Southern Baptists engage AI with 'eschatological hope'

Southern Baptists engage AI with 'eschatological hope'

Southern Baptists engage AI with 'eschatological hope'

Southern Baptist messengers from around the country are back home after spending two days in New Orleans for their annual meeting last week. While there, they addressed topics such as America's immigration crisis, the controversies surrounding so-called "gender transitions" – and a biblical response to artificial intelligence.

Most of the media reports coming out of New Orleans were focused on what Baptists think about the role of women in the church – but several other issues were addressed that are just as important, even if ignored. Of note, the SBC became the first faith-based entity to speak to the emerging technology of artificial intelligence (AI).

Resolutions Committee chairman David Sons said the resolution that was approved sets an optimistic vision for the denomination by acknowledging "the powerful nature of AI and other emerging technologies" and "desiring to engage them from a place of eschatological hope rather than uncritical embrace or fearful rejection."

Programmers have been working on artificial intelligence since the 1950s, but the recent introduction of chatbots like ChatGPT has peaked public curiosity and fear. Jason Thacker of the SBC's Ethics & Religious Liberty Commission says the issue for Christians is being clear about where man's creativity ends – and God's continues.

"It's something that we're dealing with. It's something that's in our churches, in our seminaries, and in our schools," he states. "No longer is AI something 'out there,' but it's actually something that is deeply already influencing and shaping how we think about what it means to be human."

Christians, says Thacker, should be confident that the Word of God can speak to issues like AI even though the technology was millennia away when it was written.

"The Bible is not an outdated set of rules that is archaic, that doesn't speak to the contemporary issues of our day," he argues. "It is actually speaking directly to that because it's answering those fundamental questions of who is God, what does it mean to be made in His image, and how do we interact with the world around us?"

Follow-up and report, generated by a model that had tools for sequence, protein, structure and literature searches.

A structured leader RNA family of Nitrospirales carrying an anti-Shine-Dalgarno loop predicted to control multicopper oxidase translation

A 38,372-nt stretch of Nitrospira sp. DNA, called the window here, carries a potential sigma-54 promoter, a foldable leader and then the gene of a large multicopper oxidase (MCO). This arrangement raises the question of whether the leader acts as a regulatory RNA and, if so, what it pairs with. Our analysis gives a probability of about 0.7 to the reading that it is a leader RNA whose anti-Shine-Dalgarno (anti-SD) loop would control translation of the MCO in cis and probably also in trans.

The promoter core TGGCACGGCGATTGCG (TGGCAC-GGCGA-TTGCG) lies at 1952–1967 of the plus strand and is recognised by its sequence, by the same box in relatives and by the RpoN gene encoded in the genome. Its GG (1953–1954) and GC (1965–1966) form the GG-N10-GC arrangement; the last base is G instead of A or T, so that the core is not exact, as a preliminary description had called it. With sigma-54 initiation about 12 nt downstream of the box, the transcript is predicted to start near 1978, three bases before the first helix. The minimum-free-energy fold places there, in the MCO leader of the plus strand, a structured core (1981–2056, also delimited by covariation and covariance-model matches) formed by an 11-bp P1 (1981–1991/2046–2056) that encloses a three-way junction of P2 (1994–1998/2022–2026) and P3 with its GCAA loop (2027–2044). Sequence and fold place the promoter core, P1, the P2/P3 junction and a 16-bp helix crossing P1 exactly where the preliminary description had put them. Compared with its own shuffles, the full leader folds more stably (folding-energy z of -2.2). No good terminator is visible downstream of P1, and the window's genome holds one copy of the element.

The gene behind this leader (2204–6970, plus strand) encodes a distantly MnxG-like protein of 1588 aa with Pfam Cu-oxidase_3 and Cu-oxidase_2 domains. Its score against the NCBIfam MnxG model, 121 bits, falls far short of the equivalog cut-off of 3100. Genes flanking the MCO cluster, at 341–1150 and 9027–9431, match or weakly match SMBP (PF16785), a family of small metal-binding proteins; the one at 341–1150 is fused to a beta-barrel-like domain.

Gender, immigration, etc.

Resolution 8 – which declares the SBC's opposition to gender-mutilation surgeries, specifically for children – was adopted by the messengers. That resolution, explains ERLC president Brent Leatherwood, "affirms those state governments that have taken steps to protect children from becoming pawns in the sexual revolution through harmful interventions and surgeries" – and at the same time "confirms the SBC will continue to be a strong voice advocating against these exploitative efforts that render far too many children and young people vulnerable."

A resolution adopted regarding immigration and the border crisis reaffirms the SBC's commitment to "twin principles" that Leatherwood says "should never be pitted against one another": a secure border and dignified treatment for immigrants.

But the biggest applause of the week was when Paul Chitwood, president of the SBC's International Mission Board, introduced the dozens of missionaries commissioned to take the gospel to the uttermost parts of the earth.

"Today we get the honor of sending 79 of the newest members of your home team: the IMB missionaries who will share the gospel with people and in places where Jesus is not known or named," Chitwood stated.